Thursday, September 17, 2009

Summary of one article about Cuba's Economic Reforms.

Cuba's Economic Reforms in A Chinese Perspective

Jiang Shixue
Chinese Academy of Social Sciences
(This is the paper presented to the Wilton Park Conference on Cuba, October 2002.)

Despite the geographical distance and different population size, Cuba and China have at least two things in common: They are socialist countries and both are on the road of economic reforms. While Cuba began to reform its economy in the early 1990s, China started its reforms and opening-door as early as in 1978. (In December 1978 the Third Plenary Session of the 11th Central Committee of Communist Party of China, CPC, was held in Beijing).
  
Compared with Cuba, China has made greater progress in stimulating economic development, raising people’s living standards and upgrading comprehensive national strength. From 1978 to 2000, for instance, China’s average annual growth rate was 9. 5%, and for some of the years it stood at 15%. At the same time, inflation rate was often kept below 10% with the exception of only a few years at over 15%. As a matter of fact, few economies in the world have achieved such remarkably high growth rate without high inflation.
  
It took China 9 years (from 1978 to 1987) to double its average per capita income. But it was 58 years for the United Kingdom (from 1780 to 1838), 47 years for the United States (from 1839 – 1886), 34 years for Japan (from 1885 – 1919) and 11 years for South Korea (from 1966- 1977) to do the same. Then, from 1987 to 1996, China doubled its average per capita income again in 9 years.

I. An Overview of Cuba’s Economic Reforms

The pushing forces that made Cuba walk upon the path of reforms came mainly from the outside. Cuba signed its first major trade and economic agreement with the Soviet Union in February 1960, under which Cuban sugar was provided in exchange for Soviet crude oil and petroleum products, wheat, fertilizer, iron, machinery, and trade credits. It was widely believed that the Soviet Union maintained the Cuban economy by paying “higher than market prices” for Cuban sugar. At the same time Cuba paid “lower than market prices” for Soviet petroleum products. In addition, Cuba joined the socialist trade and economic organization, the Council for Mutual Economic Assistance (CMEA), in 1972 and conducted most of its trade with CMEA countries.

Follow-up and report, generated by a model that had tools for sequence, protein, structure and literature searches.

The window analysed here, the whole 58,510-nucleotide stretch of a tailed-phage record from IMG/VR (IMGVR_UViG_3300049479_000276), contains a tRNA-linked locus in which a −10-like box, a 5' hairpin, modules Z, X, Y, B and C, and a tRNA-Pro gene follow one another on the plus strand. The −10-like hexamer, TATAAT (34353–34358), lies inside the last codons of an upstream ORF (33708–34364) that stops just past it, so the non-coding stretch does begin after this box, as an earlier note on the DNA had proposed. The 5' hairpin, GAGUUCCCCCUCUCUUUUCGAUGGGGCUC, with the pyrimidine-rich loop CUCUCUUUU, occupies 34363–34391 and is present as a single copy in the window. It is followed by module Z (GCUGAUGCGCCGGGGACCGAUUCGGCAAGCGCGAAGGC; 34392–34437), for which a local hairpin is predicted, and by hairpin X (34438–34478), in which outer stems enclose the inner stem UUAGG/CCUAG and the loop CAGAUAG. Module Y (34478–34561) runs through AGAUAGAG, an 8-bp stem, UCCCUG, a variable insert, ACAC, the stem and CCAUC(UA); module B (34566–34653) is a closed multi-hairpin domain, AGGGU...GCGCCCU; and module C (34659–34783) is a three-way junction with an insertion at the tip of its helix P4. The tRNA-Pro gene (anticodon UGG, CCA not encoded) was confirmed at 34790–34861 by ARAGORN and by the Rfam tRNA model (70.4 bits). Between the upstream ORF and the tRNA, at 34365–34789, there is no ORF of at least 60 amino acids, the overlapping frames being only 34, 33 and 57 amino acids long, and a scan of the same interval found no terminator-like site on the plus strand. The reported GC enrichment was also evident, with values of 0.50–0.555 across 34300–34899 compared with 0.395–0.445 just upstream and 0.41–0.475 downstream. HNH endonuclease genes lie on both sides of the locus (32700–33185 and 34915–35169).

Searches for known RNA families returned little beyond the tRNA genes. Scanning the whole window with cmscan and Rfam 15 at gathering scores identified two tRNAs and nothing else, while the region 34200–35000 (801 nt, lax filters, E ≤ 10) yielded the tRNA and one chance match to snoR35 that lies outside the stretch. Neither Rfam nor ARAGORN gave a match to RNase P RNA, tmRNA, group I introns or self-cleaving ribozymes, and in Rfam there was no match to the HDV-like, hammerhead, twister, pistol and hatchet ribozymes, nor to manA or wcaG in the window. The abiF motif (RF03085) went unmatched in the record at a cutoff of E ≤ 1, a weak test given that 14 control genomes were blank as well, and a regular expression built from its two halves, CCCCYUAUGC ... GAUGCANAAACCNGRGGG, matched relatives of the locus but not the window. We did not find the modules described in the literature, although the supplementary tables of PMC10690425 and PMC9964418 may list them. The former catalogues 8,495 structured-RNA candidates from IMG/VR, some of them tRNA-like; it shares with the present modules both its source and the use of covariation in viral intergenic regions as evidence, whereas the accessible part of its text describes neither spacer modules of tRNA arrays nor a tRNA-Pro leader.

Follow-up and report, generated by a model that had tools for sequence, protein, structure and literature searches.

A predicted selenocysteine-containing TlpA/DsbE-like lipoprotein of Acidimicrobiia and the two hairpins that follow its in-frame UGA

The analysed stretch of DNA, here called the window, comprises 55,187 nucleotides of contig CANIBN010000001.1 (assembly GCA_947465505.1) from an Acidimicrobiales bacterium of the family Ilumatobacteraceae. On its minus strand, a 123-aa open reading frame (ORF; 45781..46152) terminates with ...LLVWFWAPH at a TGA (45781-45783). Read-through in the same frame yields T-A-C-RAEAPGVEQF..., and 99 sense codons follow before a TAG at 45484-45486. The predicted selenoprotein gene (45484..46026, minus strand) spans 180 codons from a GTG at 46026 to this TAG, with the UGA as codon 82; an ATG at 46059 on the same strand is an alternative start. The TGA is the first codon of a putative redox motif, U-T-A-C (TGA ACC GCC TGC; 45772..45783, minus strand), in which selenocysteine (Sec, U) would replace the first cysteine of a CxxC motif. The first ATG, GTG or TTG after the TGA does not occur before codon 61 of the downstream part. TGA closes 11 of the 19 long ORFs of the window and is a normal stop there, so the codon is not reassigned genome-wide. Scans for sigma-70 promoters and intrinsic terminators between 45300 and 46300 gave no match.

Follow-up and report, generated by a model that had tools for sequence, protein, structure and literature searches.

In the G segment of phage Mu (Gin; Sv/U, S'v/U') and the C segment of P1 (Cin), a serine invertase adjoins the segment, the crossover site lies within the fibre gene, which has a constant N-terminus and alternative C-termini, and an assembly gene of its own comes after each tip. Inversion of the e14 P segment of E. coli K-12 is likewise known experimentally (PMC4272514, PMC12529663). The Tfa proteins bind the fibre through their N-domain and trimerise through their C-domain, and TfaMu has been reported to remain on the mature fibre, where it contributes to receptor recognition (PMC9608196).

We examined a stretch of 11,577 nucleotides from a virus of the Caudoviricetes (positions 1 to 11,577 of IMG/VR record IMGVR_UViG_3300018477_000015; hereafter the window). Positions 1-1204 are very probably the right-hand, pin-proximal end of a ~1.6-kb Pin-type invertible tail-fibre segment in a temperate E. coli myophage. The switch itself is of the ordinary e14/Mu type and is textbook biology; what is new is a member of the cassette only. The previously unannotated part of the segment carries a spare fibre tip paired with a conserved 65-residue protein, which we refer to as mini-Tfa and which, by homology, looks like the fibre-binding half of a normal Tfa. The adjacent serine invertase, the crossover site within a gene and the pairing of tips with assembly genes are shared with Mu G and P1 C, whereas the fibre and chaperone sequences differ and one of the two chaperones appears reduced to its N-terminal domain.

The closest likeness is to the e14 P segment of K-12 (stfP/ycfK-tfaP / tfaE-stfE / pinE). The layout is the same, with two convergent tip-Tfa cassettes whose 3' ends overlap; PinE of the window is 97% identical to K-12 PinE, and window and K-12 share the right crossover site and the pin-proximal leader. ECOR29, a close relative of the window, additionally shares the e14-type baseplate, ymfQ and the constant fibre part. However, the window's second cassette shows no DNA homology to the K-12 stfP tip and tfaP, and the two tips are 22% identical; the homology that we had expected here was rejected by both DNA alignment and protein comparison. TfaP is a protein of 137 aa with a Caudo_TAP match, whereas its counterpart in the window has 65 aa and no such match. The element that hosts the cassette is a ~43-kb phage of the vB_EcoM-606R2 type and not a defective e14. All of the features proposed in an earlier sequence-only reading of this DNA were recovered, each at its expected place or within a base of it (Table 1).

The disintegration of the Soviet Union and break-up of the trade relations within CMEA induced hardest difficulties for the Cuban economy. Between 1991 and 1994, the Cuban GDP declined by 35%, imports dropped by 75%, oil imports fell by half, and people’s caloric intake was reduced from roughly 2800 to 1735 per day. Faced with this harsh situation, Cuba decided to “defend socialism” by reforming the economy.
Cuba’s economic reforms in the past decade can be summarized in the following areas:
  
1) Decentralization in the agricultural sector;
2) Legalization of the use of foreign currency;
3) Authorization of self-employment;
4) Improving fiscal management ;
5) More integration with the world market;
6) Attracting more foreign investment;
7) Establishing free trade zone (FTZ);
8) Restructuring the economic structure
  
In China, soon after the June 4 incident of 1989, some leftists were increasingly opposed to the nation’s reform process. In early 1991, concerned with the possibility of retreat on the path of reforms, Deng Xiaoping, who was then celebrating the traditional Spring Festival in Shanghai, said to the Shanghai municipal leadership, “Do not believe that planning belongs to socialism and market belongs to capitalism. Both are instruments. Market can also serve socialism.” He called upon the city officials to be “more liberal, braver and swifter” in pushing forward the reform process.

It seems that Cuba’s reforms are not based on any clear and well-defined theory, although Cuban leader Fidel Castro and other senior Cuban officials have repeatedly said that Cuba’s reforms should be carried out within the principles of socialism. They have expressed their wishes to utilize some forms of the market mechanism, but insist that Cuba will not walk towards market economy. From their perspectives, socialism and market economy are not compatible.

2. Tortoise or hare: Choosing the right speed of reforms
  
In discussing the speed of economic reforms, people tend to use such words as “gradual” or “shock therapy”.

According to Barbara Stallings and Wilson Peres, the “aggressive” reformers undertook many reforms in a relatively short period of time, while the “cautious” reformers implemented reforms more gradually.

Despite these definitions, however, the specific criteria for defining the reform process as being “gradual” or “shock”, are still controversial in practice.